The out-of-print 2004 Columbia DVD of the Yutkevich version (Japan, NTSC). To my eyes, this is still the best-looking of all the versions on DVD. The print used suffers from color fading and thus has a slight magenta cast. However, it doesn’t look as bad in playback as the screen captures below might suggest. It also preserves much of the film’s fine detail and photographic grain, which is important for a film that is as much about surface texture as it is about color. On the negative side, the reel which contains the scenes of the poet at the court of Erekle/Irakli II and his recognition of his doomed passion for the Princess Ana is darker and has a yellowish hue compared to the rest of the film. The disc contains only Japanese subtitles.

The aforementioned 2010 Russian Cinema Council DVD of the Yutkevich version, available in both NTSC and PAL. (My frame grabs are from the PAL version.) On the whole it looks better than the French and U. S. DVDs of the Armenian release version. However, compared the Japanese DVD all the grain has been filtered away, resulting in a softer, waxy-looking image. Like the French disc, this transfer has an overly cyan hue though not as pronounced. Strictly in terms of image quality, I would rank it below the older Japanese DVD, which has since been replaced in Japan by the same Russian Cinema Council edition.

To sum up, collectors will still want to acquire either the Kino or the Films sans Frontières disc since both contain the longer and somewhat less compromised Armenian release version, though both are seriously flawed image-wise. The Russian Cinema Council DVD of the Yutkevich cut looks better, but it’s not on the level of their other Parajanov releases, which have been repackaged by various distributors worldwide, including Kino in the U.S. If you don’t care about subtitles, it’s worth tracking down the older Japanese DVD for its picture quality. When, oh when will we see a truly decent version of this film on DVD?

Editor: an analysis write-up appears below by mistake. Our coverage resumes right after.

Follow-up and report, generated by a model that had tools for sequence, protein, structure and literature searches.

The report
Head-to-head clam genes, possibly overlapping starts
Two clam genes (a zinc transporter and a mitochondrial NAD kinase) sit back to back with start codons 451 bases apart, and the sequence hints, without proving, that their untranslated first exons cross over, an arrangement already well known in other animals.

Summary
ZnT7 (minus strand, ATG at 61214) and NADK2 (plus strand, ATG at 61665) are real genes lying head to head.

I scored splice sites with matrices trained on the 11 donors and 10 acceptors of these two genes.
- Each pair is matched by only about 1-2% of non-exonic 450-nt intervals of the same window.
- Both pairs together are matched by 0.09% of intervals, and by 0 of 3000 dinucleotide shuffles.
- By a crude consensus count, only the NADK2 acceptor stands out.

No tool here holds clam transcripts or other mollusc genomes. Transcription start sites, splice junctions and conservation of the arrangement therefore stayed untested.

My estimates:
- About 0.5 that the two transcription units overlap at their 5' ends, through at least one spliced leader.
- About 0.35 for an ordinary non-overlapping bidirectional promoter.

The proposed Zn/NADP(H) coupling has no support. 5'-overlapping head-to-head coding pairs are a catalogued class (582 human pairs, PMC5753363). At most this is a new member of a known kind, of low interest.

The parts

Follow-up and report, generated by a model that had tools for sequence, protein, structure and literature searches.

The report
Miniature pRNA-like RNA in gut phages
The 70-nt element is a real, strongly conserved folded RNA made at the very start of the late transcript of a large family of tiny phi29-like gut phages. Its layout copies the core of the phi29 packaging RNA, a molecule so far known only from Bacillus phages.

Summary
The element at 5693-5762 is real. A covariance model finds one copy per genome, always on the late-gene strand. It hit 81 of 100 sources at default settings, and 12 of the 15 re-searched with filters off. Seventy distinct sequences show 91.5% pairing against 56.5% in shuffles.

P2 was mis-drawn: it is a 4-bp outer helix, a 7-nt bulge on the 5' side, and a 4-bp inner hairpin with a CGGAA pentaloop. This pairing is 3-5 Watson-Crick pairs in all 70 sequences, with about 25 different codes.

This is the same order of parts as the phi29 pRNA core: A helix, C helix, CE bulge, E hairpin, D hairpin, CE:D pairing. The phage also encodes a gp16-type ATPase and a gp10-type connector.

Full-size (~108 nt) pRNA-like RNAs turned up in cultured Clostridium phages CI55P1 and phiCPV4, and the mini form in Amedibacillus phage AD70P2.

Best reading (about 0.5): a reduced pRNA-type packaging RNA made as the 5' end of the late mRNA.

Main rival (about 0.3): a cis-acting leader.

Kino NTSC R1

Films sans Frontières PAL


Columbia (Japan) NTSC



Films sans Frontières PAL

Columbia (Japan) NTSC



Films sans Frontières PAL

Columbia (Japan) NTSC



About James Steffen

I'm currently the Film Studies and Media Librarian at Emory University in Atlanta. Although my primary passion and expertise is in film, I also love literature, music and other arts.
This entry was posted in Film, Parajanov, Reviews. Bookmark the permalink.

12 Responses to The Color of Pomegranates: four DVD editions compared

  1. berj kalayjian says:

    James- thanks for the analysis and your continued passion for this film. i have parajanov’s name on “google alert” so i received your blog immediately. . . in the end, i wouldnt mind seeing the film in any version on the “big screen” of a theatre. . . (im still sorry i missed the Festival in London. . . . )

    do you know anything about the bio-pic to be filmed- ? (perhaps you have been contacted as a consultant?)

    berj kalayjian

    • James Steffen says:

      Hi Berj-

      Great to hear from you! As far as I know Kino still rents film prints of Parajanov’s films in addition to releasing them on DVD in the U.S. Their new print of Shadows of Forgotten Ancestors is gorgeous.

      Actually, this is the first I’ve heard of the bio-pic. Do you have any information on it? I must say, I have a hard time picturing anyone playing Parajanov convincingly, he was such an outsized personality.


  2. Angelo Colombus says:

    I agree with James about Kino’s release of Shadows of Forgotten Ancestors…it’s a great looking dvd and much better than the VHS tape version that came out years ago. Hope to see this on Blu-ray soon. Saw this as a kid on my local PBS TV station and is still one of my favorite films of all time.